People believe just about any kind of foolishness about the Middle Ages, probably because of cartoons or bad teacher or I don’t know what. The truth is we still use a lot of wisdom from that time. The most outrageous idea is that people were prudish in medieval times.
Pardon me while I guffaw!
The thing I hear from my students is “the church controlled everything back then”; guffaws are now eclipsed by my stunned look of disbelief and rolling eyes. Yeah, at a time when most people went to church once a year, somehow that institution ‘controlled’ them. Yes, there are manuals the church made for quizzing people at that annual confession. Bet that was really effective, eh? What the monks wrote up didn’t necessarily have any bearing on what really happened. And monks were no puritans either: why do you think they were always reforming the monasteries? Chaucer has his friar giving girls money so they can get married quick after he deflowers them.
We’re so prudish now that we can hardly conceive of how relaxed people were about sex back then. Plus it was well accepted that women were gagging for it most of the time. My own name sake, the medieval mystic (and first autobiographer in English literature) Margery Kempe had the worst time trying to control her sexy thoughts when she decided to become holy and was always being tempted by the flesh.
Marie de France told stories where the sex pretty much indicated when people were falling in love. It wasn’t a pure meeting of the minds — it was lust! Often achieved by magical means, but it was real enough — and the babies proved it.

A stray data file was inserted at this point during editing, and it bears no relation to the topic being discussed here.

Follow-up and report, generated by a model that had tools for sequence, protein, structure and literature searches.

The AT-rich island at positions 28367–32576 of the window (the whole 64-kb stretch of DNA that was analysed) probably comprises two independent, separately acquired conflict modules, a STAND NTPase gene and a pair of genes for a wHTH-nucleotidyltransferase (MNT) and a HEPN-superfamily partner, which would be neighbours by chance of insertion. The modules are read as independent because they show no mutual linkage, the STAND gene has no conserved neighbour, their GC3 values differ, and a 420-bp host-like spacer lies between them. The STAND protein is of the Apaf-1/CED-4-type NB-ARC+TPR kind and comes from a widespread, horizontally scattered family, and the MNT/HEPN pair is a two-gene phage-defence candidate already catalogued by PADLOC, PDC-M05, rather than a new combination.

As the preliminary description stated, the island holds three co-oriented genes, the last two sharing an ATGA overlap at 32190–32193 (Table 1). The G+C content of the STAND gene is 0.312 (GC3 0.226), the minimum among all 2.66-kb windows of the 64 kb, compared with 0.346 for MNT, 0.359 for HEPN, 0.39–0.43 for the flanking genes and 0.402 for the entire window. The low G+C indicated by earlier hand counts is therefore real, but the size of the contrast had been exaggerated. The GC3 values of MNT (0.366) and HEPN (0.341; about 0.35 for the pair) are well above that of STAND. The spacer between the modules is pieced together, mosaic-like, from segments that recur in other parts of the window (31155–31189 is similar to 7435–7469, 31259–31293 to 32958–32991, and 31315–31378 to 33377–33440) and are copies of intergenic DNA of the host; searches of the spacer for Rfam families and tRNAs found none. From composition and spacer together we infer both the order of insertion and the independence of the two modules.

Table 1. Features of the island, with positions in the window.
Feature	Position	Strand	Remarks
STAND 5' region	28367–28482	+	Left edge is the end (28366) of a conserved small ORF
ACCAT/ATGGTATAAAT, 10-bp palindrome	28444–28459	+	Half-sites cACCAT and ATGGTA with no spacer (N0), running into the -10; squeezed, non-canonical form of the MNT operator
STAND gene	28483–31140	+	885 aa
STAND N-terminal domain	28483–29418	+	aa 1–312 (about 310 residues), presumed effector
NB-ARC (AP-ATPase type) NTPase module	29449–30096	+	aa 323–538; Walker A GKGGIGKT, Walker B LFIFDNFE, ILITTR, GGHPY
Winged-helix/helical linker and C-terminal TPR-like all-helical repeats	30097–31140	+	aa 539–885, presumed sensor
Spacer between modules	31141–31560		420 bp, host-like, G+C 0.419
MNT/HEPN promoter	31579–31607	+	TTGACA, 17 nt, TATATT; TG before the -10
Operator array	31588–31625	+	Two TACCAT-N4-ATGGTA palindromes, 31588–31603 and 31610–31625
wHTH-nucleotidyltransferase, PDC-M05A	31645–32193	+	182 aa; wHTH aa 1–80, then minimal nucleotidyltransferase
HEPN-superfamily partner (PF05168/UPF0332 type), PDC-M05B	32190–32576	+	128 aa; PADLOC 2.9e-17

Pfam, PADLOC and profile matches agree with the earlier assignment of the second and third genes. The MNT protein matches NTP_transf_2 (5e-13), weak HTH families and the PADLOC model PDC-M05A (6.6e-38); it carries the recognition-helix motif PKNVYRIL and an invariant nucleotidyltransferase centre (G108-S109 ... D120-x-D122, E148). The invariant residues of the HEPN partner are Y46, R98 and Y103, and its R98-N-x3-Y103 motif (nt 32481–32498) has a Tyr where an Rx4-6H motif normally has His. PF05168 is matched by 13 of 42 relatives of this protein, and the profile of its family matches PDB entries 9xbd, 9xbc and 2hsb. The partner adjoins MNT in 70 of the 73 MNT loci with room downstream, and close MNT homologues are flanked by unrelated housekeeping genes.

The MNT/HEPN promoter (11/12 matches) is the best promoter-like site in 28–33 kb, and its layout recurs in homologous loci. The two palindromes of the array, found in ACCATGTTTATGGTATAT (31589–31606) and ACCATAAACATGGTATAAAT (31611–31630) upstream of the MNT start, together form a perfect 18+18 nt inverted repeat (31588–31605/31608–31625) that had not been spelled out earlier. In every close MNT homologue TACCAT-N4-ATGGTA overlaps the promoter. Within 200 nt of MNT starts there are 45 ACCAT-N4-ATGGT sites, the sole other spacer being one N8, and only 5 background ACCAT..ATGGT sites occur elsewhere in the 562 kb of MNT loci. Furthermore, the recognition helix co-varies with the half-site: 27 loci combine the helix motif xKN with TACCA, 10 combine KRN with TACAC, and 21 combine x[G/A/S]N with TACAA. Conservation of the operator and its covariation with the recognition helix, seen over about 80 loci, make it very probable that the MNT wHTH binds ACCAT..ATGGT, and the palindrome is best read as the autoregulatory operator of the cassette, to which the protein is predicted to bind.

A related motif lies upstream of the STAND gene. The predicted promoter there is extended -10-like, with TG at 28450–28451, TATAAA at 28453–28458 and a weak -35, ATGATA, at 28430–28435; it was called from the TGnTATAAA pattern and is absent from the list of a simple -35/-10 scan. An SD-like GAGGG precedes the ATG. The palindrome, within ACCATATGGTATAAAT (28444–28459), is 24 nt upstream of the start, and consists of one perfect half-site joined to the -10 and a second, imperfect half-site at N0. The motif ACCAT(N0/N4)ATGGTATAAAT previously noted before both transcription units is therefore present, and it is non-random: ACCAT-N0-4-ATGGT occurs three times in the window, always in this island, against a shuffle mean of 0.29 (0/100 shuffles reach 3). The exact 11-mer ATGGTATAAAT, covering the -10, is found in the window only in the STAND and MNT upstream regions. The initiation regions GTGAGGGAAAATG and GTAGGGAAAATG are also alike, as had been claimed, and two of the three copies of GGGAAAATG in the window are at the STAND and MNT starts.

“Lanval,” she said, “my friend, my dear,
I left my lands to come where you are;
To find you I have come so far!
Be valiant and courtly in everything,
And no emperor, count or king
Ever had joy or blessings above you;
For, more than any thing, I love you.”
He looks at her; he sees her beauty;
Love pricks him, strikes in him the spark–
Now his heart blazes in the dark.
Enough about the courtly stuff! Let me introduce you to a wonderful genre: the fabliau. Fabliaux were very popular: even Chaucer wrote some. They are short comic tales about sex and often shady dealings to get money: usually the clergy end up badly and the women come out on top! Chaucer’s Miller’s Tale is an excellent example: young Alisoun is married to the old carpenter, but she decides to let the student Nicholas become her lover after he grabs her by the crotch — after all, he’s a bit closer to her age. Meanwhile the parish clerk Absalon also wants her but she spurns him and tricks him into literally kissing her arse. Oh and her husband ends up a laughing stock with a broken arm when Nicholas’ plan for a little extra lovin’ time goes awry — so much so that he gets a hot piece of iron up his bottom! Alisoun’s the only one who gets off scot free!
Hmmm, maybe I need to write some fabliaux next after the fairy tales. My sweeter alter ego is writing Breton lais: they’re much more reserved.